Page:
Now, how can you slay it?
indriyāṇi parāṇy āhur indriyebhyaḥ paraṁ manaḥ |
manasas tu parā buddhir yo buddheḥ paratas tu saḥ ||42|| (III)
Higher than indriyā(s) is the mind; higher than the mind is the intellect, and if you want to take out kāma from all these crevices of our consciousness, then you go to him, the Self, the true Self: paratas tu saḥ, there is an inner Self in you, you go to him, by his help you will be able to destroy this desire.
evaṁ buddheḥ paraṁ buddhvā saṁstabhyātmānam ātmanā |
jahi śatruṁ mahā–bāho kāma–rūpaṁ durāsadam ||43|| (III)
Therefore, you go beyond the Buddhi; by your intellect you go beyond the intellect; and ātmānam ātmanā, and then by your Self you go beyond yourself; jahi śatruṁ, then you will be able to conquer and kill this śatruṁ; kāmarūpaṁ durāsadam, that which has a bad dwelling place, kāma–rūpaṁ, which is full of desire. This śatruṁ, this enemy you will be able to kill.
This is the explanation given to emphasize that if there is one thing which you should therefore destroy, if you really want to come out of all kinds of bondage, and even while acting you should be free, than this is the remedy for it.
I think we have done the full chapter today in detail, and we shall come to the 4th chapter next time, which in a sense takes us again into Karmayoga, but in a more subtle manner. And some of the secrets, which are not yet expounded, are expounded in the 4th chapter.
Question: Agni that you mentioned in the Vedas that referred to the Self or the Surya or…in which way we have to perform the sacrifice?
Answer: Your question is so precious and so complex. What is Agni in the Veda? There is a distinction between “Self”, which is immobile, which is different from “Jiva”, which is different from “Agni”, yet all the three are called “Self” in different contexts. That is why the question becomes very complex. When you say, “The soul passes from body to body, and it is that soul which is not killed”: it is to Agni that the reference is made. There is inextinguishable fire in us, that fire actually represents the Jiva: our true “individual Self”. The true individual Self is never alone, your individual Self is never been born alone, your individual Self has been born with many at the same time. All of us are, as it were, simultaneous, and each one is actually, kṣara, mobile.
But behind these mobile individuals, which we are truly, of which Agni is a representative, we are all united in that “immobile Self”, and that immobile Self is itself rooted in Purushottama, in the supreme Purusha, which transcends everything. Even that is also called: The supreme Self. The word “Self” is used for the “supreme Self”, for the “immobile Self”, for the “Jiva” and Jivas which are all mobile of which Agni is a representative.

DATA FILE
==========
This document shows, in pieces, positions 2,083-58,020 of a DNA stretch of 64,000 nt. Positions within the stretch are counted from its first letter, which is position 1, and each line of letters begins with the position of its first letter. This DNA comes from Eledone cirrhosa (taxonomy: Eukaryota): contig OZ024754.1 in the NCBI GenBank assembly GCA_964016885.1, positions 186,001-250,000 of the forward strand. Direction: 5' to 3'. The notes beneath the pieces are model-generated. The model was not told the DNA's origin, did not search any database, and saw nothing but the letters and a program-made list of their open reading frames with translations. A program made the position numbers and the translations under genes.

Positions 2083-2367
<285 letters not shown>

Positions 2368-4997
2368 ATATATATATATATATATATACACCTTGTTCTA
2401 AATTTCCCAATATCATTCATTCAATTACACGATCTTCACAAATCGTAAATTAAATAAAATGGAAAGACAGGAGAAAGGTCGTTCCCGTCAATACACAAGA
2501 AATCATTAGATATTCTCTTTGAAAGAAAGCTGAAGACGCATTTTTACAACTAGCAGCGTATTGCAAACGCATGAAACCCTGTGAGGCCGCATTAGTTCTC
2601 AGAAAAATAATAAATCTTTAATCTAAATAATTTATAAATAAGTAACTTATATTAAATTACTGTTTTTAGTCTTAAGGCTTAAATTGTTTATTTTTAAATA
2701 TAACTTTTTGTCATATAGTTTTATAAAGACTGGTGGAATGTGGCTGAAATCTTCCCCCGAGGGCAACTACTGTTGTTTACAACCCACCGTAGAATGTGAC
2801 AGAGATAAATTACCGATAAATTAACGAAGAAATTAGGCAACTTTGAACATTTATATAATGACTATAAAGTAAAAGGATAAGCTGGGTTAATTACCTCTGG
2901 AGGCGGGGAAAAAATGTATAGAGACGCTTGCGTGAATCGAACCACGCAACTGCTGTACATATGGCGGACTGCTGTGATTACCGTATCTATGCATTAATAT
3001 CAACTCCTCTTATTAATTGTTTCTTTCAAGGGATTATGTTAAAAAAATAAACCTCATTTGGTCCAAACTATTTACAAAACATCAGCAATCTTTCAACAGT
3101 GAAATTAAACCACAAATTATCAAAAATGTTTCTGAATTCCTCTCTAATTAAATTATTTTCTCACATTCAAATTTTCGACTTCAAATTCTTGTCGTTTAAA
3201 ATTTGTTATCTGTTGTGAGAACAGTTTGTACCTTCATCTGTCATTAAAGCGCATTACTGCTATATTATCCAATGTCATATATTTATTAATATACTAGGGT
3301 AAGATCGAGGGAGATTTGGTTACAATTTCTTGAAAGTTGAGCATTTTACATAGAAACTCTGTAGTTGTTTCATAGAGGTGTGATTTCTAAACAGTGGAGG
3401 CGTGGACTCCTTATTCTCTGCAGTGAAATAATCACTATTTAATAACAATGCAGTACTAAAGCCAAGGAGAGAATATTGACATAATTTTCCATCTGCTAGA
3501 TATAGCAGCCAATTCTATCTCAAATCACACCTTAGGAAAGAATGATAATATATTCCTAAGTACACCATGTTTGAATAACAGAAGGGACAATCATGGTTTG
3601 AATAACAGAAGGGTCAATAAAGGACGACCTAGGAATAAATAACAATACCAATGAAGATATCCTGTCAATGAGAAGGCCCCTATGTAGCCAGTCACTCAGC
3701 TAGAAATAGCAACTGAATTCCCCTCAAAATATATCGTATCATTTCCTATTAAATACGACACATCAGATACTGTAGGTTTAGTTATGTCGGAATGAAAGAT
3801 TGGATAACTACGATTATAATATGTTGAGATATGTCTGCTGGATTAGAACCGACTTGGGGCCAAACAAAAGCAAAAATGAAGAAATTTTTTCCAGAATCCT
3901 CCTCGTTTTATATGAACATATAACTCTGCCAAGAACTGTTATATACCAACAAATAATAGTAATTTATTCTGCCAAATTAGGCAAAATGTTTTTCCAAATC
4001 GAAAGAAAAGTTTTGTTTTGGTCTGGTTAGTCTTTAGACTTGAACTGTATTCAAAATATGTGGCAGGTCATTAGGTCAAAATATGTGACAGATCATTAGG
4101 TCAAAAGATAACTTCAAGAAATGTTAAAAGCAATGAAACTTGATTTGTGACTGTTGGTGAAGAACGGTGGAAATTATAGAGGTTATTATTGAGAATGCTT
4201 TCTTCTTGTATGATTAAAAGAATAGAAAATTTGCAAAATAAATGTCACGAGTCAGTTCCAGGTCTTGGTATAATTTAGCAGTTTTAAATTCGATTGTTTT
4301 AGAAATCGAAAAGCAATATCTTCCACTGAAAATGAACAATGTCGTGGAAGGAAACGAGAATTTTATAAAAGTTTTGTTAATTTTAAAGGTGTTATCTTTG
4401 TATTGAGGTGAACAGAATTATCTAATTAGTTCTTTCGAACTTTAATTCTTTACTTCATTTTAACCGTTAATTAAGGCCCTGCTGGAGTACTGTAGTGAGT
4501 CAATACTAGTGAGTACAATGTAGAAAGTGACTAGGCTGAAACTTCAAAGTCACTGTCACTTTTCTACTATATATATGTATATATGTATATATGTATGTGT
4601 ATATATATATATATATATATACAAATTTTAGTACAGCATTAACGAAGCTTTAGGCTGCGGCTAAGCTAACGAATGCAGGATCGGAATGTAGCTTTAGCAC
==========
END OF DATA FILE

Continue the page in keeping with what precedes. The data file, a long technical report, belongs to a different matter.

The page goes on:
Our starting point is Agni, because that is the nearest to us. When you say, “I”, (when you do not mean by “I”, ego), then what is the “I” to which I am referring? It is to Agni that I am referring, that inextinguishable spark that is in me. It is that which is called: Chaitya Purusha, (caitya puruṣa). It is the individual which is a “psychic fire”: it is the psychic being in us, which is immortal in the mortals; it is that which remains immortal. It is that which is described in Katha Upanishad (IV, 12&13) as: aṅguṣṭha mātraḥ, “That which is not bigger than the thumb.”
That is the “individual Self”, and that is the “Agni”. Therefore, when it is said, “You offer yourself to Agni”, take out all your egoism, and throw this Agni into the fire of your inner being, of your inner Self, and that inner being is a power, is itself not immobile, it is power, it is active, but which is seated; it is that power, that activity which is action all that comes from Brahma, which is active Brahman. All that comes from akṣaraṁ, from that which is immobile; and beyond that which is akṣara, is the Supreme. When we know the relationship of Agni with the Jivatman, with the active Self, which is universal, with the inactive Self which is akṣara, and when we know the Purushottama, when all these is fully understood by us, then the real Karmayoga is performed.
I am not giving you a full answer because all these terms require again to be fully elucidated, and it is a question of “questions” in fact. If there is lot of confusion in our country or in philosophy, it is centred on this question. The question is: who am I? This is the question, which was asked by Nachiketas to Yama; and ultimately he shows him all these, and says ultimately you know that Brahman, and what you need to know is the Supreme. And therefore Katha Upanishad becomes a revelation of that knowledge of the Supreme. What is the relationship of that Supreme with akṣara, with kṣara, with the Jiva, and with this psychic element in us, Agni in us, in what way they are all related is a complex relationship. Once that is known, then everything is known. Or when as in Chhandogya Upanishad says, yena vijñāte na sarvaṁ vijñātaṁ bhavati, “By knowing that everything is known.” But as we proceed in the Bhagavad Gita, we shall come to all these details.